Residual rotatory laxity after anterior cruciate ligament reconstruction: How do we diagnose it and prevent it?

Stafano Zaffagnini, Francisco Urrizola, Cecilia Signorelli, Federico Raggi, Tommaso Roberti Di Sarsina, A. Alberto Grassi

Research output: Contribution to journalArticlepeer-review

Abstract

Despite the continuous advances in anterior cruciate ligament surgery, residual rotatory laxity still represents a concrete issue that could be responsible for unsatisfactory results in over 10% of patients. Rotational laxity has been correlated with poor outcomes, degenerative changes, meniscal lesions, and premature graft failure. Residual rotatory laxity is quite difficult to diagnose, and new noninvasive devices have been developed to improve clinical diagnosis and permit an individualized approach based on constant evaluation of the specific condition. Anterior cruciate ligament reconstruction with a lateral plasty has been proposed for better rotational control and is gaining acceptance in the last few years. The menisci are secondary restraints to tibial anteroposterior translation and when lacking require attention to improve clinical results. This article is focused on the importance of the residual rotatory laxity after anterior cruciate ligament surgery, how to improve it, how to diagnose it using new available tools, and finally how this information influences the surgical approach in order to decrease the failure rate.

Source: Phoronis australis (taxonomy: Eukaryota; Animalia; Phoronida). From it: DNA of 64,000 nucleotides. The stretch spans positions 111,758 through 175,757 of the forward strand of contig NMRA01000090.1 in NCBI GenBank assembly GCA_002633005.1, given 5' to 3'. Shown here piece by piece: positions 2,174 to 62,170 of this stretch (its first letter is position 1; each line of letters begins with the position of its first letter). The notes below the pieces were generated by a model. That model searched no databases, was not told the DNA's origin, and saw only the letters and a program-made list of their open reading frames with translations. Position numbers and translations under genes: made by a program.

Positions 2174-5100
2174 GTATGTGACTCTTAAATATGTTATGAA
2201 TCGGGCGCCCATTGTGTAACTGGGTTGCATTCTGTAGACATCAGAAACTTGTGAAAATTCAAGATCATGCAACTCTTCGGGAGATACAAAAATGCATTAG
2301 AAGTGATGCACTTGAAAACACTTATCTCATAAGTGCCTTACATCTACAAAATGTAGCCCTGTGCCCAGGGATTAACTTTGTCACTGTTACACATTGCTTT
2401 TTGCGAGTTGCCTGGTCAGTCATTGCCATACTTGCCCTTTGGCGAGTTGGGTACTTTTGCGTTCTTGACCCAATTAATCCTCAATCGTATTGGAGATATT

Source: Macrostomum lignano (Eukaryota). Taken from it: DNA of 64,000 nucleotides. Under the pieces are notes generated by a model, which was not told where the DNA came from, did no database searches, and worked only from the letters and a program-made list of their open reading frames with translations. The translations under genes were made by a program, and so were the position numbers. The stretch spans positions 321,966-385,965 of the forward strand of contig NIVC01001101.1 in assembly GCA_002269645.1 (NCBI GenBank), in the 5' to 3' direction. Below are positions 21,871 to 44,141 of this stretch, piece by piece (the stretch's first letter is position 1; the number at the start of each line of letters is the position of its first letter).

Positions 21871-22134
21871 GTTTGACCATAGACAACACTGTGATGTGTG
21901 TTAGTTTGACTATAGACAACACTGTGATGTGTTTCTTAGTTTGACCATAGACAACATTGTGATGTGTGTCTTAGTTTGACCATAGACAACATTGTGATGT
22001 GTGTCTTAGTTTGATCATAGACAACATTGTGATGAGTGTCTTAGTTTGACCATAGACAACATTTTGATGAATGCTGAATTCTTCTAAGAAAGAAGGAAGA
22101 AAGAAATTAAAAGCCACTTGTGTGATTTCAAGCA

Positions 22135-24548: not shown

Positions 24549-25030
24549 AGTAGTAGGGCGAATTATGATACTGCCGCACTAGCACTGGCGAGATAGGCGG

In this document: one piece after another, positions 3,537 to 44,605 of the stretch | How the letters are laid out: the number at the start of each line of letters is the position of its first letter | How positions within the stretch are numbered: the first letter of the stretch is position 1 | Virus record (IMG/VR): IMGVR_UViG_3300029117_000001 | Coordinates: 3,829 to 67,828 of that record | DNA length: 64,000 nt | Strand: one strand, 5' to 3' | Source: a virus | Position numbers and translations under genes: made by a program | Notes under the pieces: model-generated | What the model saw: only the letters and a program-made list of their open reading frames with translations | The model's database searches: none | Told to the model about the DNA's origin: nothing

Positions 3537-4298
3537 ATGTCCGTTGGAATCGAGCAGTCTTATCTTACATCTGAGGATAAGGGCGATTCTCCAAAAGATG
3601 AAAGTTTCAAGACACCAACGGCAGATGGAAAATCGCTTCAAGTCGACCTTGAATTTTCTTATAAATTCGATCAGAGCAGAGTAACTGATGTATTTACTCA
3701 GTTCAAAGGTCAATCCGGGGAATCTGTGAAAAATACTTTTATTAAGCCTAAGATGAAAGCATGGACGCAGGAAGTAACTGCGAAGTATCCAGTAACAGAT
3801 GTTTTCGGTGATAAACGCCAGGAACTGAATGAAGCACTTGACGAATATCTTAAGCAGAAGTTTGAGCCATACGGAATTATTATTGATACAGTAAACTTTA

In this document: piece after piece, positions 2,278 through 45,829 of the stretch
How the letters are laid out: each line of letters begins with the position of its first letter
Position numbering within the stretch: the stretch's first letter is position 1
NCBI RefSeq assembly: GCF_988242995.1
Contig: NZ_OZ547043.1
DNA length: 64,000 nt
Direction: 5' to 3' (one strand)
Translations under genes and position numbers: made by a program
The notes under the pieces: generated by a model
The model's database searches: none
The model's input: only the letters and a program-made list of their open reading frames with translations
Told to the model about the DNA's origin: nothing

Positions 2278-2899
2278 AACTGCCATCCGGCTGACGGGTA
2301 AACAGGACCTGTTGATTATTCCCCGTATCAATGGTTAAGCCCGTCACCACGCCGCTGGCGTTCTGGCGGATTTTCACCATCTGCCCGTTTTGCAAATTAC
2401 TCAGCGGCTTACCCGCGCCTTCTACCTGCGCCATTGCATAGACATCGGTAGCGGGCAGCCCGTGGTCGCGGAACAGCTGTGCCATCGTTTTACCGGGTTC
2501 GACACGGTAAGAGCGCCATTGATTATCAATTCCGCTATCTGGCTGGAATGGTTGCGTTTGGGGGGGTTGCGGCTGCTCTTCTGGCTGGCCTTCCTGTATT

Original languageEnglish
Pages (from-to)241-246
Number of pages6
JournalCurrent Orthopaedic Practice
Volume27
Issue number3
DOIs
Publication statusPublished - 2016

Keywords

  • ACL
  • failure
  • knee
  • laxity
  • pivot-shift
  • residual
  • rotatory

ASJC Scopus subject areas

  • Orthopedics and Sports Medicine

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